The FC-1 fighter was to commence flight tests in 1998, but the programme schedule repeatedly slipped due to technical and funding problems. Among other things, the Pakistan Air Force (PAP) revised its technical requirement, demanding higher performance, while western countries were reluctant to supply advanced avionics.
The first prototype FC-1 (’01 Red’, c/n 01) was rolled out at Chengdu on 31st May 2003. On 1st July the aircraft began high-speed taxi runs. The 15-minute maiden flight took place on 25th August; on 3rd September the FC-1 made its official debut. ’01 Red’ (later ’01 Black’) was earmarked for flight performance testing and lacked the mission avionics.
Airframe c/n 02 was the static test article. The second prototype (c/n 03) featuring some minor modifications in aerodynamic design first flew on 9th April 2004, followed by the third prototype (’04 Red’, c/n 04) in April 2006. This was the first example with a full avionics suite. The fourth prototype (c/n 05) was to be used for evaluating the SY-80 radar developed by the Aviation Radar and Electrical Equipment Institute (AREEI; ex-LETRI) as a competitor to the KLJ-10 radar.
Pakistan has been pressuring China into accepting the FC-1 fighter for PLAAF service in order to increase the production run and reduce the unit costs; this was supported by the China National Aero-Technology Import and Export Corporation (CATIC). The Chinese military are opposed to that, believing that equipping the Air Force with two types of fighter planes with similar performance within the same time period would both consume limited financial resources and complicate logistical support for dissimilar aircraft.
CAC and the Pakistan Aeronautical Complex were to begin joint production of an initial 16 aircraft in 2006 but production was delayed. Then, in January 2007 Russia threw a spanner in the works, disallowing the transfer of RD-93 engines to third countries – a move that suited India which was at odds with Pakistan. Yet, in April 2007 Vladimir Putin reversed this decision.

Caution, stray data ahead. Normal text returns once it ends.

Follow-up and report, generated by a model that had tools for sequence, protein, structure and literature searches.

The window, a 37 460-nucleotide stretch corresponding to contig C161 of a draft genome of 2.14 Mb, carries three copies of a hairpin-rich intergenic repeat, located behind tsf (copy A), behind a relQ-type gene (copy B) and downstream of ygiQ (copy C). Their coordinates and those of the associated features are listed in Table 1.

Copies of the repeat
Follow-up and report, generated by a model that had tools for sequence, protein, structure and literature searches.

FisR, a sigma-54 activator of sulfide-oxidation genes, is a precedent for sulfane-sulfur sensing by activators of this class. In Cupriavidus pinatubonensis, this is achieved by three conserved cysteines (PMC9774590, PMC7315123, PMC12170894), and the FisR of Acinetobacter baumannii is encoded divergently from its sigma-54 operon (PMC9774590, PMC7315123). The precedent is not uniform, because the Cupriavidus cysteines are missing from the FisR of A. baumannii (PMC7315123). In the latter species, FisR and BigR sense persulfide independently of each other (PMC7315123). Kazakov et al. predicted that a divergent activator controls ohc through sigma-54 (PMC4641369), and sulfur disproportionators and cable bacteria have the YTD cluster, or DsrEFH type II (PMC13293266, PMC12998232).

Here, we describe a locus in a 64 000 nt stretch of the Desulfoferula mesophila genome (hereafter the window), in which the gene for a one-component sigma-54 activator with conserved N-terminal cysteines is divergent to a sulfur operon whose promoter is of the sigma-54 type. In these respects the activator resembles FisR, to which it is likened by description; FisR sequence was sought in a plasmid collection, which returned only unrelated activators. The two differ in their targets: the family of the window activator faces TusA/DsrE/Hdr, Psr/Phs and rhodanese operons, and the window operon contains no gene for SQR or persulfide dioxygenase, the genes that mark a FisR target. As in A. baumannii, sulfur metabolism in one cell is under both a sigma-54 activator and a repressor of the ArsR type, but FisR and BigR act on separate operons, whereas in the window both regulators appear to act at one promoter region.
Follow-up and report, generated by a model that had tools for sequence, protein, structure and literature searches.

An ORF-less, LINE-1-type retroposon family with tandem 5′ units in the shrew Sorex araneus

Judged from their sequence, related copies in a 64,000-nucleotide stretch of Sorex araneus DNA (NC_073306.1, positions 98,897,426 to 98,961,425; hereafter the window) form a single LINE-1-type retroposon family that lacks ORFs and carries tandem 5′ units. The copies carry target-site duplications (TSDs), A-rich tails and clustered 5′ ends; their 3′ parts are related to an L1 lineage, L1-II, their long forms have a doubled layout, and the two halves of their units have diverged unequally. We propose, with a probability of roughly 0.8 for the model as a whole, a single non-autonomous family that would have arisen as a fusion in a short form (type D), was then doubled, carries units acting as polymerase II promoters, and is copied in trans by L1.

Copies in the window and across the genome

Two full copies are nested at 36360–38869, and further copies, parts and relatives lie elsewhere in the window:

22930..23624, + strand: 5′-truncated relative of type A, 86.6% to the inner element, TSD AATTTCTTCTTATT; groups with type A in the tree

The first two production JF-17s were delivered to the PAF in March 2007, six more following in March 2008; these aircraft are now used for operational evaluation. Pakistani production of JF-17 components started in January 2008. The PAF selected the Grifo S-7 radar for its JF-17s but agreed to accept the KLJ-10 radar in the first batch of aircraft. Pakistan plans to acquire up to 150 aircraft. Nations that have reportedly evinced an interest in the FC-1 fighter are Azerbaijan, Zimbabwe, Bangladesh, Myanmar, Egypt, Iran, Lebanon, Malaysia, Morocco, Nigeria, Sri Lanka, Algeria and Sudan.
The FC-1 fighter (or JF-17) is 14.7 m (48 ft 3 in) long and 4.8 m (15 ft 9 in) high, with a wing span of 9,5 m (31 ft 2 in); the wing area is 24.4 sq m (262.6 sq ft). The fighter has an empty weight of 6,450 kg (14,220 lb), an internal fuel load of 2,300 kg (5,071 lb) and an ordnance load of 3,600 kg (7,937lb); the normal and maximum take-off weight is 9,100 kg (20,060 lb) and 12,400 kg (27,337 lb) respectively. The maximum wing loading is 520.5 kg/m2 (106.61 Ib/sq ft), while the maximum power loading is 1.53 kg/kgp (Ib/lbst). The aircraft has a maximum speed of Mach 1.8, a service ceiling of 16,000 m (52,495 ft), a maximum range on internal fuel of 1,800 km (1,118 miles) and a combat radius of 1,200 km (745 miles) in counter-air configuration and 700 km (435 miles) in strike configuration. The take-off and landing run are 450 m (1,480 ft) and 750m (2,460ft). The airframe is stressed for 8Gs.